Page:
It starts with making a plan to create a cleaning checklist that outlines tasks for every room. As you move from room to room, you’ll feel encouraged and motivated as you check items off your list.

Before you begin, go through each room and closet and declutter, donate or toss what you’re no longer using.

  1. Create an Enjoyable Work Environment. Turn on the radio, make a playlist of upbeat music to keep you energized through your cleaning routine or select an audiobook to keep your brain engaged while you clean.
  2. Open the Windows. When the weather permits let fresh air into the home and reduce the smell of cleaning supplies.
  3. Go from High to Low. Clean from the upstairs down and from top to bottom in a room. Dust and wash down surfaces before moving to vacuuming or mopping. This way, you won’t drop dust or crumbs on an already clean floor.
  4. Find Your Vacuum’s Extension Tool. Use it to clean hard-to-reach nooks and crannies, behind and under furniture, baseboards, window blinds, ceiling corners, and light fixtures.
  5. Clean Appliances. Wash the dishwasher, refrigerator, freezer and washing machine inside and out, including knobs and buttons. Also, wash or replace filters and other parts as needed.
  6. Spot Clean Well-used Surfaces. Remove handprints on doors and handles of kitchen cabinets, room doors and exterior doors.
  7. Clean the Windows. Before washing the glass, wipe away dirt in the sill and channels.
  8. Clean the Floors. Wash all the floors and vacuum rugs and carpeting.

For more advice click here for our database of HOME HINTS & TIPS from our readers at www.diyornot.com.

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April Home To Do List

A007 At this time of year it’s a good idea to take some time to make inspections and clean and maintain some of the well used systems of your home. Take a look at these 11 chores and make your own list of what needs to be done to make your home clean and fresh and ready for warmer weather.

* Replace filters or wash permanent ones in heating system
* Change batteries in carbon monoxide and smoke alarms
* Clean out and organize the attic
* Clean and inspect gutters and downspouts
* Inspect the siding and foundation for damage from pests, cracks or weather
* Inspect insulation for gaps and remove vent covers
* Inspect heat pump or air conditioning unit and clear debris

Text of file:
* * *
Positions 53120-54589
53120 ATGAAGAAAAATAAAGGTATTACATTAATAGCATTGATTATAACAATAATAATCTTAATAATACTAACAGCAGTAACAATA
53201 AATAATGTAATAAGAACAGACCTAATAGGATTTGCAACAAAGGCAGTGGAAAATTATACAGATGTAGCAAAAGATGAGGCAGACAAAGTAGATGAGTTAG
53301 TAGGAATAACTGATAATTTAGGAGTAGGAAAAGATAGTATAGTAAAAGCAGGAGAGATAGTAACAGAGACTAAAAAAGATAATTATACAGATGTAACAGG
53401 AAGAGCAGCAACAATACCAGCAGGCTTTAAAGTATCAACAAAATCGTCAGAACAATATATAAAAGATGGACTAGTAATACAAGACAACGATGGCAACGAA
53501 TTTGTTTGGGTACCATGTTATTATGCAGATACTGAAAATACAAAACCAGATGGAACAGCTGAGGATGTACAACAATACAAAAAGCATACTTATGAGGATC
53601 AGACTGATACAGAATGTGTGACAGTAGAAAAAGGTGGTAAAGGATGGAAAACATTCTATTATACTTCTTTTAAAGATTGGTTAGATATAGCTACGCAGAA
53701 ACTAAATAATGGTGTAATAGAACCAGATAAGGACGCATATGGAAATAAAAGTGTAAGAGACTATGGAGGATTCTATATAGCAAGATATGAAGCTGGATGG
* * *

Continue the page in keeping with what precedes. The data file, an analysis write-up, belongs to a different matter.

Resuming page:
* Clean out fireplace and wood stove and have chimney and flue cleaned
* Tune up gas grill, lawn mower and other power equipment
* Turn on outdoor water spigots
* Apply pre-emergent on lawns to curb growth of weeds

If you’re considering any lawn and home improvement jobs visit us at www.diyornot.com and find the cost of doing it yourself compared with the cost of hiring a contractor.

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Choices in Attic Flooring

An unfinished attic offers additional storage space especially for seldom used or must-save household items. With access to the attic in place, consider finishing the space to accommodate all that stuff with flooring panels or decking material and turn unused space into a well organized storage area.

First, consider the construction of the house. If your house was built with roof trusses forget about using the space for additional storage because it was designed to support the roof, not weaken it with more weight.
If the roof is supported by ceiling joists built to support the ceiling in the rooms below, not necessarily a heavy load in the attic, talk to a contractor or building engineer to appraise the attic space to decide if it’s a candidate for flooring.

Before you begin consider the challenge of working in the small, low confines of an attic, which is not a trivial concern when you realize you’ll be working on your knees most of the time. (Wear knee pads!)

Flooring panels made of wood or composite wood are one choice installed by securing them to the floor joists. These can be 4×8 plywood sheets which are cut and trimmed to maneuver up and into the tight confines of an attic. For instructions go to The Plywood.com.

Decking material squares are lightweight and comes in sizes of 16-inch and 24-inch designed to be installed directly to the top of floor joists. Attic Deck Panels at Improvements catalog are rigid panels that fit together and are secured with screws. Another choice is a material that you slide and lock slats together, roll them out and lock in place www.lockandrollin.com.

You’ll find several attic flooring solutions by typing “attic deck panels” in any search engine.

Find the cost of hundreds of improvement jobs and compare the cost of doing it yourself with hiring a contractor at www.diyornot.com.